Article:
Common reports and dashboards

Shared data alone will not help teams to work together. Sales and finance should also share a common repository of reports and dashboards. Shared reports and dashboards will help both teams to ask better questions and have productive meetings. Finance teams will have insights into sales generation and forecasting, while sales can generate more realistic forecasts based on financial insights.

Enabling sales as a finance leader

CFOs can help sales teams focus on value-based selling, where sales teams are customer-centric and keen to provide value to the customer rather than pitch to meet a quota.

Accurate sales forecasts are critical to the growth of your organization. If sales forecasts are too optimistic, you could be left with a cash flow shortfall that will create ripples throughout your organization for many years. While sales forecasts from sales teams lean more towards the optimistic side, forecasts from finance are conservative. A blend of both is required to set a sales forecast value that is realistic and attainable. CFOs should have cadence meetings with sales leaders to help the latter quantify results to expenses. When both teams start to track ROI (Return on Investment), sales forecast numbers won’t have eyebrow-raising variations.

Make data-driven decisions

Data must be at the forefront to respond quickly to changing business situations. Finance teams should not only use data for top-level decisions but also in their day-to-day, including sales operations.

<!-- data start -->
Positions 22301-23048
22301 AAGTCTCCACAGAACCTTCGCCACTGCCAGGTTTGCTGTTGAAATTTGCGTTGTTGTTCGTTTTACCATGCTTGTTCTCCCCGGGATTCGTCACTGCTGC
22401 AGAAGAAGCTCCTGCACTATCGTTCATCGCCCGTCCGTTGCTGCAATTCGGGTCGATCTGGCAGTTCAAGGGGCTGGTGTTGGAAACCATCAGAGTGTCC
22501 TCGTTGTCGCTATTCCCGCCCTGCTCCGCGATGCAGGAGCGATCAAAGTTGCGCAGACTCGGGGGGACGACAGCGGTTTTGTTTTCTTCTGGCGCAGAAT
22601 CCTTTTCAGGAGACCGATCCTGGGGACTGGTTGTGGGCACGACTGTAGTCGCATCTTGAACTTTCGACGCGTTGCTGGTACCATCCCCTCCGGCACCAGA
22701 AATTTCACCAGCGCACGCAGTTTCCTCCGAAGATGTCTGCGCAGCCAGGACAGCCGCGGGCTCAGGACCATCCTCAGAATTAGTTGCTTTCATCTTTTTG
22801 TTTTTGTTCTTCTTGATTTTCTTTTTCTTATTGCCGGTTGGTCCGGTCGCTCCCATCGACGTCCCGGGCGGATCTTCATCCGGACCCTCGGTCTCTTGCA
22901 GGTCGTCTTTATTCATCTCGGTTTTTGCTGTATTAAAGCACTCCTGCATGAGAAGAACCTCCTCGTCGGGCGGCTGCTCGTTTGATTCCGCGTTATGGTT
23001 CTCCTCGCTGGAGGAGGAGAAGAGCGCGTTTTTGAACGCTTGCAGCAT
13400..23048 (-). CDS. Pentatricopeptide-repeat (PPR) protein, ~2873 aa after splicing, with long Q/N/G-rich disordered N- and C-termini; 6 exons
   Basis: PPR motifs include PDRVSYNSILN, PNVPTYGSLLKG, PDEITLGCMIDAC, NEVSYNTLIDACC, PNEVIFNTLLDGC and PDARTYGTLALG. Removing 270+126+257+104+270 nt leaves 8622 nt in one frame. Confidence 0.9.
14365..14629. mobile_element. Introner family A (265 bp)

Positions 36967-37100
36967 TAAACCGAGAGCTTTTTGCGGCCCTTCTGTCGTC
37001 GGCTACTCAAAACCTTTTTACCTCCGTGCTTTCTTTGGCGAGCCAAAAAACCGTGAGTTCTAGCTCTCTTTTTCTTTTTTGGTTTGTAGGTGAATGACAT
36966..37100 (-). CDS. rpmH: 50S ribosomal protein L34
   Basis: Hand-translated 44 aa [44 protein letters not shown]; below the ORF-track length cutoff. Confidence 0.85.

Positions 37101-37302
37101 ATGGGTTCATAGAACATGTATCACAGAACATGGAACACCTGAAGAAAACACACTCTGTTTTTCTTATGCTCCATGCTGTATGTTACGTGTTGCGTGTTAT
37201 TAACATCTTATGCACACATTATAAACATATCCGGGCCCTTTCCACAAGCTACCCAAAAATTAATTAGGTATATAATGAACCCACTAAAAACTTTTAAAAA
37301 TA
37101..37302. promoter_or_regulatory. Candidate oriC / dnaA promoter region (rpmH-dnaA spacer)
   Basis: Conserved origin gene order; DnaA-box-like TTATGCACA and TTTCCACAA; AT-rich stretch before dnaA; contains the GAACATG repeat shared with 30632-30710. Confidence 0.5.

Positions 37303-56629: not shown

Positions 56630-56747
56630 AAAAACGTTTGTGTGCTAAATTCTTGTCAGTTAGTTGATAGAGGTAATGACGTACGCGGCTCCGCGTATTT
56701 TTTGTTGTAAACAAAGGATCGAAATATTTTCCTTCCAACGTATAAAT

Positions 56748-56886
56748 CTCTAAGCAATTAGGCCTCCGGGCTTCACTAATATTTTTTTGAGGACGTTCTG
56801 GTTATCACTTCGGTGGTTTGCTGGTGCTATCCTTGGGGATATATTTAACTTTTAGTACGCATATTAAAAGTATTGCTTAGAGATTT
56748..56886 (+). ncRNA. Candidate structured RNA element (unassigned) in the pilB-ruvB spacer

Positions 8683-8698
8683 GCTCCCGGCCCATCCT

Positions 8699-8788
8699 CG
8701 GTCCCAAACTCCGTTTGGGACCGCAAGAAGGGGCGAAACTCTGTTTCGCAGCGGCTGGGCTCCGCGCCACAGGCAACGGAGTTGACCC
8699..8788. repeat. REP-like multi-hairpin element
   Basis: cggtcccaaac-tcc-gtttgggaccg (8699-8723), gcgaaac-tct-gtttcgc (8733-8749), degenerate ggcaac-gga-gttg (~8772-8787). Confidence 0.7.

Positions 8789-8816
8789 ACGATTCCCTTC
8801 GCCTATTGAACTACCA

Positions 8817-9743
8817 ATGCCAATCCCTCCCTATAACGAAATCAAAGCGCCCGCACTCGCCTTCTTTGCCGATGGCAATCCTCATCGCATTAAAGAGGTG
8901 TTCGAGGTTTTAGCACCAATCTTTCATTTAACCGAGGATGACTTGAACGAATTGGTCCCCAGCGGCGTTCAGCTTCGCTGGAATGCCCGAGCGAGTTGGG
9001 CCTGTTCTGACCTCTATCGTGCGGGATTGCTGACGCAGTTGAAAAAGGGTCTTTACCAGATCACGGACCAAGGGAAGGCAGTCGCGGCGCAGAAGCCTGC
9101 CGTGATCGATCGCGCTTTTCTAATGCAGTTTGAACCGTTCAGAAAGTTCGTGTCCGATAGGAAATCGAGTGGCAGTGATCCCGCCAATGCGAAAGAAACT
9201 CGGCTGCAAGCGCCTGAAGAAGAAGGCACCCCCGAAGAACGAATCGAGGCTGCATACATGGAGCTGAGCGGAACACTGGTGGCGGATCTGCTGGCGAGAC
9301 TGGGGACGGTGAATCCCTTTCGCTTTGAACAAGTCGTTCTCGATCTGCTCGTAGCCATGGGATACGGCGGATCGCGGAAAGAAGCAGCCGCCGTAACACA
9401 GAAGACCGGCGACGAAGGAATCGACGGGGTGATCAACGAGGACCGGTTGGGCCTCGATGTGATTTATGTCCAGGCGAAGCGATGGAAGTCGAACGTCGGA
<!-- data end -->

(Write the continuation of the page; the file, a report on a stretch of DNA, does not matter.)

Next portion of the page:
“A lot of profit can fall in between the operational cracks, and analytics can be a game changer in the way it leads to improved operational discipline."
Ajit Kambil, PhD and global research director of Deloitte's CFO program

Finance teams can help sales understand the current state of the business, its runway, and shifting priorities emerging from a volatile economy. Finance can also help sales determine their KPIs. Profitability KPIs in particular have the potential to increase sales and finance collaboration, as the teams navigated economic uncertainty together.

Is there a one-stop solution to foster collaboration between sales and finance?

Without a shadow of a doubt, Pigment!

Pigment helps unite teams by unifying data sources and providing a collaborative space for sales and finance teams to work on forecasts. Here’s how Pigment can help produce more accurate sales forecasts.

All your data in one place